Tuesday, May 17, 2005

Wind, Waves and Moonlight

The sun had set, but its red fire was still strong as Jim and I paddled out beyond Sewall Point and got a view down the broads of Lake Winnipesaukee on an evening at the end of September 1998. We watched the color spread across the western sky and subside. The waves lost their pink tops and shaded down through slate to darker blues.

Sunset did not bring calm that night. We met increasing winds. The waves subtly mounted. We speared into them and leaped over as we fought the wind. Both wind and wave grew stronger with every headland we passed.

We intended to paddle down to the end of Wolfeboro Neck and back, just a short, leisurely evening jaunt. The water was quite warm, with summer barely over, but we knew the air would cool quickly with darkness. We wore polypro shirts and paddling jackets.

All that bouncing around over warm, rushing water started to get to me, so I indicated a need to step ashore for a moment.

Darkness had solidly fallen, but a half moon was spreading a very usable light. We sought a dark spot on the coast of Wolfeboro Neck, where we could land in stealth. No need to attract attention.

The wind and waves kept us focused on safe piloting, but Jim knew a sheltered beach tucked into a tiny cove. A house high above it showed one small, lighted window, but the landing place was too good to pass up. In commando-like silence we paddled delicately to the beach and disembarked. We pulled our boats above the reach of the waves.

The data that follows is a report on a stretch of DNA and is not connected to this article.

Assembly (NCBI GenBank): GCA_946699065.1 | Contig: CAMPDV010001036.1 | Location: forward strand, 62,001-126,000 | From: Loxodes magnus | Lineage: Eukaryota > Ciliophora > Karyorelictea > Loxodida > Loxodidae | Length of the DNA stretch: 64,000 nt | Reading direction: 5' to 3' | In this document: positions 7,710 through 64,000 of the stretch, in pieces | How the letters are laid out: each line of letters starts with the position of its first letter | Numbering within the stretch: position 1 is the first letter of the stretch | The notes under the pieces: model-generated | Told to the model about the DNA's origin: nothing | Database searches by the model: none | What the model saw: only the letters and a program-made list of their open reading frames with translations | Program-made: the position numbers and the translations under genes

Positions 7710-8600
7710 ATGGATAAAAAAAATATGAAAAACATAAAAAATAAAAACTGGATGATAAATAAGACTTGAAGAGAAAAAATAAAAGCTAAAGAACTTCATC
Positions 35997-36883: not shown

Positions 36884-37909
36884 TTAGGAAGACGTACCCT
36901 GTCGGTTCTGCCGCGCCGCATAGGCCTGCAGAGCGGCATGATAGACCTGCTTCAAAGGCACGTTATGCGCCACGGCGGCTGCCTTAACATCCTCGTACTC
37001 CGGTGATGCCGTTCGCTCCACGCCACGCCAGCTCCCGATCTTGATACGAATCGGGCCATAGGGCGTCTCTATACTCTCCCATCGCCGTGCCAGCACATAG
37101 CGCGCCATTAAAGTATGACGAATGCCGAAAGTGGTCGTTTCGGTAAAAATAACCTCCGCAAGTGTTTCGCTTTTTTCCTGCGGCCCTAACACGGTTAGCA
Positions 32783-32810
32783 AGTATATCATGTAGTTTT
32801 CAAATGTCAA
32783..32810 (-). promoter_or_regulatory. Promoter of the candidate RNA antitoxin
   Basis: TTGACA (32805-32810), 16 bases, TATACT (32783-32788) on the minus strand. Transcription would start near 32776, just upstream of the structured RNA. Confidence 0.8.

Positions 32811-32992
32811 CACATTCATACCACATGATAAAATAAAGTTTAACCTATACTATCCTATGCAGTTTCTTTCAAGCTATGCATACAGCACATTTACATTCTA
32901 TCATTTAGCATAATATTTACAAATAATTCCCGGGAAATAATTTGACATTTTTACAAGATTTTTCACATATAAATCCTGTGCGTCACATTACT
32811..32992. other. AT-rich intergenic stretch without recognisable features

With buoyant spirits and empty ballast tanks, we set off again on the moon-silvered water. We could see the gusts of wind as black patches rushing down at us. The waves mounted swiftly.

Wolfeboro Neck bends gently back, exposing the rocky shoreline gradually more and more to the prevailing winds that sweep most strongly up the Broads. We stopped dead when faced with the unbroken power of the waves marching the length of the lake. The tallest easily blocked our sight. We were able to hold our place, paddling just to hold ourselves head on to the big rollers, feeling the gusts. We could see the big sets teamed up with the strongest winds. It did not look like a place to play in the dark on a chilly night, even with the water warmer than the air.

When we turned, we felt the power of the waves at once. We both took off surfing with no conscious effort to catch a wave. The crests frothed with white.

Even at full speed on a big wave I could feel the power of the wind behind me. It did not disappear the way it does on a sailboat.